About 50 or 60 students are involved at the Reno campus, and Fred encourages them to lead the direction of the program, which is now about a year old. He said it took him one semester just to find interested students, then another semester for those students to start actually shaping the program. Now they’ve taken ownership, creating such school-wide events as Rage ’N Remember, with “Party Sober” T-shirts and a sober band. A real sign of progress for N-RAP was a decision by the student senate, along with the Sober and Healthy Living Coalition, to create a sober area within the student section at the Wolf Pack’s Mackay Stadium—something that never existed before.
“You know you’re getting somewhere when these students start just hanging out in their everyday lives and encouraging each other,” Fred said. “If somebody’s skipping class, they’ll call each other out on it. Whenever they see newcomers who are asking questions and showing an interest in sobriety but who seem a little timid, the students will do a really great job of pulling them in and making them feel included.”
The next step for N-RAP is replicating the program at other colleges and universities. That work is under way at three Nevada schools: Truckee Meadows Community College in Reno; the College of Southern Nevada in Henderson; and the University of Nevada, Las Vegas. So far, what has worked best at these new sites, Fred said, is to start by empowering students to get an organization going. Once N-RAP can demonstrate student interest, they have better footing on which to communicate with administrators and encourage university support.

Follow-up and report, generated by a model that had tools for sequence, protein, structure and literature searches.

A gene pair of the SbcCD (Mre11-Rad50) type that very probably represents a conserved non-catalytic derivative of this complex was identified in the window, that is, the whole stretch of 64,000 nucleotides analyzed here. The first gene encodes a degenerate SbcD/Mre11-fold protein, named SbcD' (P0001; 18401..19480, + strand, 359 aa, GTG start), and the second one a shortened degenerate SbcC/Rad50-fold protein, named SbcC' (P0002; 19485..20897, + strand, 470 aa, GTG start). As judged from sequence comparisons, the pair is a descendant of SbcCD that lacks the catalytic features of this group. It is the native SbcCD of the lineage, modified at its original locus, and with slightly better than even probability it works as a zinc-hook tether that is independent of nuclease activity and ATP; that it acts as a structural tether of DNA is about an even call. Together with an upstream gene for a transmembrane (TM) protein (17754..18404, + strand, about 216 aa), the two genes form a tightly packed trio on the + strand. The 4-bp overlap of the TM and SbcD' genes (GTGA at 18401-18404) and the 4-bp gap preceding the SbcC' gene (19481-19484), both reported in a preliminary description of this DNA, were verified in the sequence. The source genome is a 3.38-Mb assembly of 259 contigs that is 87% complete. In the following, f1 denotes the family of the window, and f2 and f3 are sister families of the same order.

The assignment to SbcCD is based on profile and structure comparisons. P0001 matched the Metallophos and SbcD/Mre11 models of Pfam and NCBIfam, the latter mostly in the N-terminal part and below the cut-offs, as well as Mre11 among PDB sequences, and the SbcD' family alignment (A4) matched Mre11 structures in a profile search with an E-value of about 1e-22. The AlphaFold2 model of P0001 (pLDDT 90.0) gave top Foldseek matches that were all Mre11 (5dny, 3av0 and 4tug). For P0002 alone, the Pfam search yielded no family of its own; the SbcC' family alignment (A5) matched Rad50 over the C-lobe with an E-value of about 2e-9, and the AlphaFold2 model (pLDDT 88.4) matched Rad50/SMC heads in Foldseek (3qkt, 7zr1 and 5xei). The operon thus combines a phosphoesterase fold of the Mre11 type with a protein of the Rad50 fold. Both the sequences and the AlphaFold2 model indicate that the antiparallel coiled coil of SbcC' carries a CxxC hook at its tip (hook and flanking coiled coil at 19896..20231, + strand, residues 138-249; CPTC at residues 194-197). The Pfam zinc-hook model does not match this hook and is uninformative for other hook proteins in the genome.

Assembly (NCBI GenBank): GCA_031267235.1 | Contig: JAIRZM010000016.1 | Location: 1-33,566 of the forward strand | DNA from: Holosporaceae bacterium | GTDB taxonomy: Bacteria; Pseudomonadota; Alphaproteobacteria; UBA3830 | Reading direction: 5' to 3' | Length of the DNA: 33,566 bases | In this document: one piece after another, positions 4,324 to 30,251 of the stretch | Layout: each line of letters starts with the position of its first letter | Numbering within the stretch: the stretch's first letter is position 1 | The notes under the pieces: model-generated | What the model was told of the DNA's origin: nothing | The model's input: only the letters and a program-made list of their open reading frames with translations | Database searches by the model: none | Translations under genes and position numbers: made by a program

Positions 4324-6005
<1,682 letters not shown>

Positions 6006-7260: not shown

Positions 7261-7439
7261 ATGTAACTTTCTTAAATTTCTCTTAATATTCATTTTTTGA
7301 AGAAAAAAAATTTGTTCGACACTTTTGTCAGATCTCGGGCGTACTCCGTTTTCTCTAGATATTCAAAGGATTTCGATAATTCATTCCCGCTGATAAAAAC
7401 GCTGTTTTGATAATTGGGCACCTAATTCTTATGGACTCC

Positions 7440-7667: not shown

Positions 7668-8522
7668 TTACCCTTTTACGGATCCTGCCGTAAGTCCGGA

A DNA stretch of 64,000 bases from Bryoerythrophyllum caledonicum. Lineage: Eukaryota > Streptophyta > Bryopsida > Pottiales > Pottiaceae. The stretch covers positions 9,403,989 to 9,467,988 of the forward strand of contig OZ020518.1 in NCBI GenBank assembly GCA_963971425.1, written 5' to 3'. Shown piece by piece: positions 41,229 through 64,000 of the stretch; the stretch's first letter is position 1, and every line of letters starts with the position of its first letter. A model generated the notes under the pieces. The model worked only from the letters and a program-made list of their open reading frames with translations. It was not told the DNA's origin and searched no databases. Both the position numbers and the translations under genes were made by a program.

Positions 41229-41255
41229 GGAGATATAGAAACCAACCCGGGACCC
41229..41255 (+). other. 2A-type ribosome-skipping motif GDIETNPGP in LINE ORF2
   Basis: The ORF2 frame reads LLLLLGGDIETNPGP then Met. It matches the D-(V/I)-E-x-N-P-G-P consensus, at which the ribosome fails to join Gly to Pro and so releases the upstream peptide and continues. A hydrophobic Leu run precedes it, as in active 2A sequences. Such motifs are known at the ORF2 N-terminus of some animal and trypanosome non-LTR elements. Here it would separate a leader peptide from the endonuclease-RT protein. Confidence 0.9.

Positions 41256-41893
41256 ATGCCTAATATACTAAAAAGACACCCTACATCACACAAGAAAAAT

At the end of the day, it doesn’t really matter whether it’s the administrators or the students who start an N-RAP group, Fred said. What counts is the result: “The thing that’s most important to me is not so much programmatic but has more to do with the spirit of N-RAP. Any student who comes in can feel accepted and loved. Our goal is for students to feel like they belong, no matter where they are in their life of sobriety.”
Location: Reno, Nevada
Campus Character: Historic campus sited in a high desert oasis surrounded by mountains; Lake Tahoe to the west, Black Rock Desert to the northeast, and Yosemite National Park to the southwest; drivable to more than 20 ski resorts.
Number of Students: 18,227
Academic Offerings: Hundreds of degrees, certificates and licensures in over 140 major disciplines; medical school; member of Nevada’s University Studies Abroad Consortium, one of the largest study abroad programs in the country; one of Businessweek’s top 25 MBA programs in the U.S.; major research and science center, including recognized expertise in earthquake science. UNR is the state’s only Tier 1 university, with tuition 80 percent less than most Tier 1 schools.
Points of Interest: A 100-year-old, Jeffersonian quadrangle, featuring statue of benefactor John Mackay, created by Gutzon Borglum, who later carved Mount Rushmore; the 167,000-square-foot, environmentally friendly Joe Crowley Student Union; Manzanita Lake; Mathewson-IGT Knowledge Center, one of the most technologically advanced libraries in the U.S.
General Campus Contact Info: University of Nevada, Reno, 1664 N. Virginia St., Reno, NV 89557-0208; unr.edu; (775-784-1110).
N-Rap Contact: Daniel Fred, Project Coordinator, email@example.com; Reno Drop-in Center located in William Raggio Building RM 1001; nvrap.com; (775-784-6224).